How do I log into my account?

Need to reset your password? Or having trouble logging into your account? See this help page for assistance.

How do I retire with DRS?

Start by requesting an official benefit estimate from DRS 3 to 12 months prior to your retirement date. See more steps to retire.

What are the DCP Roth and pretax limits?

2023 maximum: $22,500

2024 maximum: $23,000

These annual limits apply to DCP Roth and pretax contributions. This means whether you contribute to Roth, pretax or both, the combined totals must fall within these IRS annual limits for the DCP 457(b) program.

What if I have health care questions?

DRS does not provide retiree health care. These health care resources might help you find what you need.

More FAQ

What is DCP? Find out.


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News A piggy bank with money. March 5, 2024

COLA rates established for 2024

A cost-of-living adjustment (COLA) is an annual adjustment applied to your retirement income to reflect changes in the economy (inflation). Most DRS retirement plans offer a COLA, but Plan 1 members in PERS and TRS only have a COLA if they selected it during retirement. View the 2024 COLA percentages by retirement date and plan. When will I receive the 2024 COLA? LEOFF Plan 1 COLAs take effect April 1 and start with April 30 benefit payments. All other DRS Plan COLAs take effect July 1 and start with July 31 benefit payments. You need to be retired by July 1 for at least one year to be eligible for a COLA. Once you’re eligible, you’ll receive any COLA starting with the pension payment issued at the end of July, and every year after. You don’t need to apply to receive the COLA – it’s automatic. How much will the COLA be? The maximum annual COLA you can receive for most DRS plans is 3%. If inflation that year is above 3%, the additional amount is applied to future adjustments (called COLA banking). Any year inflation is lower than 3%, the COLA can pull from banked percentages in prior years. This happens automatically and the adjustment is made for you. You could receive a different adjustment each year, depending on the amount available in your COLA bank. Will PERS 1 and TRS 1 receive a benefit increase? Certain retirees in Plan 1 of the Public Employees’ Retirement System and Plan 1 of the Teachers’ Retirement System (PERS 1 and TRS 1) will receive a one-time benefit increase in July 2024 as a result of House Bill 1985 (pending the governor’s signature). More about COLAs [reblex id='14232']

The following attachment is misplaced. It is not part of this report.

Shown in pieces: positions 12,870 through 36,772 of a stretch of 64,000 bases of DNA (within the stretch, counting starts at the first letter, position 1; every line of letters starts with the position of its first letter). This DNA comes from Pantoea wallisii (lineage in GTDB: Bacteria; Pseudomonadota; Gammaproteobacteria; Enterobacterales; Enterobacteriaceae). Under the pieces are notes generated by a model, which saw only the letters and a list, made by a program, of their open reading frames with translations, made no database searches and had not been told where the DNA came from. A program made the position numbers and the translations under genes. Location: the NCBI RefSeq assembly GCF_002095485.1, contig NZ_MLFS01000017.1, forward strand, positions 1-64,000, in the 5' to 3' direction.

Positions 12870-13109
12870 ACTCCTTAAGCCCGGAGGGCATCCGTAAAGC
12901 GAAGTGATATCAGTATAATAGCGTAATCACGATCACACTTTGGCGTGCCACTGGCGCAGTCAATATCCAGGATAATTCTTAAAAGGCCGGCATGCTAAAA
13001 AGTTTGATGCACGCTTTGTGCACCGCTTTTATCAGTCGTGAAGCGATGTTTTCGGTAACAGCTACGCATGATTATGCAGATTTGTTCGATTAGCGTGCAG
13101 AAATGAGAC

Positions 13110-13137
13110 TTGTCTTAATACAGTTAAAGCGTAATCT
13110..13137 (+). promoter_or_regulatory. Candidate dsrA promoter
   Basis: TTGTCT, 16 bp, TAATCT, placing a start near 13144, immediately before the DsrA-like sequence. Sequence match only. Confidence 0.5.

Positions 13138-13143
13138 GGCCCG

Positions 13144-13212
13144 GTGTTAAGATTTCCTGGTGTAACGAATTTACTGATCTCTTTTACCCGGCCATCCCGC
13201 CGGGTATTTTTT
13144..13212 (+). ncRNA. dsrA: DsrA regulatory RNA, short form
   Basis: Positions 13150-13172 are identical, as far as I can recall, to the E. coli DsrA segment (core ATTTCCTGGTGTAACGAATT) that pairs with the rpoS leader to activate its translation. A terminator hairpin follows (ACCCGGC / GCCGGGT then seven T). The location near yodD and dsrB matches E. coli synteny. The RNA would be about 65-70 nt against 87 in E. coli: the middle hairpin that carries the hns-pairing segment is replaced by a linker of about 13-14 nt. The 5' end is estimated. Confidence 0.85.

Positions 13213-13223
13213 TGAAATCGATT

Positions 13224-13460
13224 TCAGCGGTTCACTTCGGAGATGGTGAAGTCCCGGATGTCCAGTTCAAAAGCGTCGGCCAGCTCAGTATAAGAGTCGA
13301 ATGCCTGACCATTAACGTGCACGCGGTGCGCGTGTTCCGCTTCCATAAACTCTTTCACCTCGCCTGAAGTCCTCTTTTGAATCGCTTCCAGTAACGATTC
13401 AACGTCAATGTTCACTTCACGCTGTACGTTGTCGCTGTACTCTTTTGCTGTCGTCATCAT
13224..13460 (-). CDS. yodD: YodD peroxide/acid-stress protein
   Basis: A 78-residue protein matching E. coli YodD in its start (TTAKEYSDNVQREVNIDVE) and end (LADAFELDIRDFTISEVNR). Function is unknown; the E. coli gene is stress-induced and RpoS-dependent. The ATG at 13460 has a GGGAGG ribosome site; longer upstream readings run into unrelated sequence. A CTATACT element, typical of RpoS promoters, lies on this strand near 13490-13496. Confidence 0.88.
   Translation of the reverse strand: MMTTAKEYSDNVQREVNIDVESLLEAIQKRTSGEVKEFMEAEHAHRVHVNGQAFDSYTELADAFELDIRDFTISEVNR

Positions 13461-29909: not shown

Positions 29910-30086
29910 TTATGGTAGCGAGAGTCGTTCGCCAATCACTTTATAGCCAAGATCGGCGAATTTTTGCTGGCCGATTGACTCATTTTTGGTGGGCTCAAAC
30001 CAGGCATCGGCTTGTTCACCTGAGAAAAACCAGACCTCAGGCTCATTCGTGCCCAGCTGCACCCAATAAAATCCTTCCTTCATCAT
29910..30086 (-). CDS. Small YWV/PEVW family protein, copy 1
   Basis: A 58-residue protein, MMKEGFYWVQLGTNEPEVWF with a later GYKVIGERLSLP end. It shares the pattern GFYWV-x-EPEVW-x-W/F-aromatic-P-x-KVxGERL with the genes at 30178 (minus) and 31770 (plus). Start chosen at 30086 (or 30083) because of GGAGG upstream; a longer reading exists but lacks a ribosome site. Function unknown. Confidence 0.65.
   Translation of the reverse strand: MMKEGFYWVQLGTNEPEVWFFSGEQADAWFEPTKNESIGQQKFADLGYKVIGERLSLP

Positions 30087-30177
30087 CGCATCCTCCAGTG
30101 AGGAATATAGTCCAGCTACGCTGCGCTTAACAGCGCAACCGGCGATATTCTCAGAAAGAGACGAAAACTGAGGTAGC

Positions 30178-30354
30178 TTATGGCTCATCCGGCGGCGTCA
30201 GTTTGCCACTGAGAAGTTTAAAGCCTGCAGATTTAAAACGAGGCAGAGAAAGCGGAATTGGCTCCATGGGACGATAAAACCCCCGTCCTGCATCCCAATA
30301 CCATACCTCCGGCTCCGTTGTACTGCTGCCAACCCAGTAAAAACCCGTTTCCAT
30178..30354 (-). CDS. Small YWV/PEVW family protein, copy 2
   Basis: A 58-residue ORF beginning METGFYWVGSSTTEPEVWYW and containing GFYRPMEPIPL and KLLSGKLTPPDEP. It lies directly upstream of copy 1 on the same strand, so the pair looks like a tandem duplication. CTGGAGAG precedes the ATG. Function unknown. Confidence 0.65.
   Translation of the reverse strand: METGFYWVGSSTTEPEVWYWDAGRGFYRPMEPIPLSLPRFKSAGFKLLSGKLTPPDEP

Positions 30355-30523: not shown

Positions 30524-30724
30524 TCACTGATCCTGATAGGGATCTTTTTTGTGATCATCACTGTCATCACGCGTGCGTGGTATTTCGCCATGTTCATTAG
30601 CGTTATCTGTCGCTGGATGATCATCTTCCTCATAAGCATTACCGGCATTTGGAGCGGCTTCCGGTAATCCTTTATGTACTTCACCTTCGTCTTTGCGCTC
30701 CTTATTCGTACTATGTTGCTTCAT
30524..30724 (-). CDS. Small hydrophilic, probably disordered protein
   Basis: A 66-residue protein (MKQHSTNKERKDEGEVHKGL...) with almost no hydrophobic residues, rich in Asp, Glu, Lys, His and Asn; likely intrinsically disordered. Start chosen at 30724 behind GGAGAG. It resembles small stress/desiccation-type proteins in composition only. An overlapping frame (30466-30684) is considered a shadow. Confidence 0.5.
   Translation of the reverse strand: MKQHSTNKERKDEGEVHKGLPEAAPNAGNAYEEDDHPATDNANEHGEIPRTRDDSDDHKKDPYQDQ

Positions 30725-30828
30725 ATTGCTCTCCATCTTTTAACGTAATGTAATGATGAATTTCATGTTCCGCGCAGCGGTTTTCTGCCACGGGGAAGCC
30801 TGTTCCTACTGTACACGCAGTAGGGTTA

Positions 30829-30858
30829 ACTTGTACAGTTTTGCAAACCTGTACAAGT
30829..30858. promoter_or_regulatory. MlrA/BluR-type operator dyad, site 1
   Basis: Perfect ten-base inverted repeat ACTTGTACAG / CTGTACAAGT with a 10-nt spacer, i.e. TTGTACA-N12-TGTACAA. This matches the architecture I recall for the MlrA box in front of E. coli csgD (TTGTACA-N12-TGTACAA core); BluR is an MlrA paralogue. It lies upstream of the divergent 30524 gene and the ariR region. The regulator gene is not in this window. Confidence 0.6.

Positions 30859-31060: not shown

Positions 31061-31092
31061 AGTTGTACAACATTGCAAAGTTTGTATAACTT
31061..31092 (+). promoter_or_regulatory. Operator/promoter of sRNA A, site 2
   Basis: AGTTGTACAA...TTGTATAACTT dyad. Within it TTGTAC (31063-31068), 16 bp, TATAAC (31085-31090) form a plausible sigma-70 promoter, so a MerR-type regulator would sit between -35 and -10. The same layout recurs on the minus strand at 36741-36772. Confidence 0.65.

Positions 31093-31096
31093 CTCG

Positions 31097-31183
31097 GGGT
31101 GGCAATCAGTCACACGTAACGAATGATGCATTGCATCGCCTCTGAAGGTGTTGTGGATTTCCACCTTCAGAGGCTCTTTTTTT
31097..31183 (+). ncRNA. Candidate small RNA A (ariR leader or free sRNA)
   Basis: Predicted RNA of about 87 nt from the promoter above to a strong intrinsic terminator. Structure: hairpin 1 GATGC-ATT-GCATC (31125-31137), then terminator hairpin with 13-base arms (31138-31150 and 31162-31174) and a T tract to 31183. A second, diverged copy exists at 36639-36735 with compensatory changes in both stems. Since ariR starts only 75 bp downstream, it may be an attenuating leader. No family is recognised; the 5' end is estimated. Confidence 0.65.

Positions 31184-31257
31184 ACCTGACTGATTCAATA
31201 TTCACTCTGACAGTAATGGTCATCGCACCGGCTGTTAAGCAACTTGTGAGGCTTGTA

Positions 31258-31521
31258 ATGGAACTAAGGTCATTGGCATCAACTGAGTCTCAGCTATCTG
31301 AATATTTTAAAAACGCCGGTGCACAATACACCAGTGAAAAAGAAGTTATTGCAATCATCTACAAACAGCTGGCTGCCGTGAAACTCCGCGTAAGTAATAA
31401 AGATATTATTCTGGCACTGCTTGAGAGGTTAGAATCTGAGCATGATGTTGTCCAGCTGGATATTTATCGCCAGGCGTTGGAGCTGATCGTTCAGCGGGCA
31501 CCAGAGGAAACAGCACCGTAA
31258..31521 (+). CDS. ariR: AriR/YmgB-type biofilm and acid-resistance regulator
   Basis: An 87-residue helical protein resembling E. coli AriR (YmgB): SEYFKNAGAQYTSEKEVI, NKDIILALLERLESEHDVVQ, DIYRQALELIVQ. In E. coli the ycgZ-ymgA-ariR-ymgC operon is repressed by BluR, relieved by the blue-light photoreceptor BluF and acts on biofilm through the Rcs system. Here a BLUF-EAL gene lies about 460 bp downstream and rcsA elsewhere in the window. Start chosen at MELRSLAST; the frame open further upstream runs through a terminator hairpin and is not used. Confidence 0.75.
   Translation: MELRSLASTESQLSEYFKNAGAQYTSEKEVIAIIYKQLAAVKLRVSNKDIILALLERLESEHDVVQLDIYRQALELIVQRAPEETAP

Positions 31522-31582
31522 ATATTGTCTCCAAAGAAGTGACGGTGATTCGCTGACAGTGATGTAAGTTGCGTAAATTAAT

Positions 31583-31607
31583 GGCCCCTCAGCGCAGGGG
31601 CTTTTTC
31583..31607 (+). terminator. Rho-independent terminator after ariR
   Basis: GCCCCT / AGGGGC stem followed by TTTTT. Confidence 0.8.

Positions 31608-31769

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News April 18, 2024

Retirement Taxes FAQ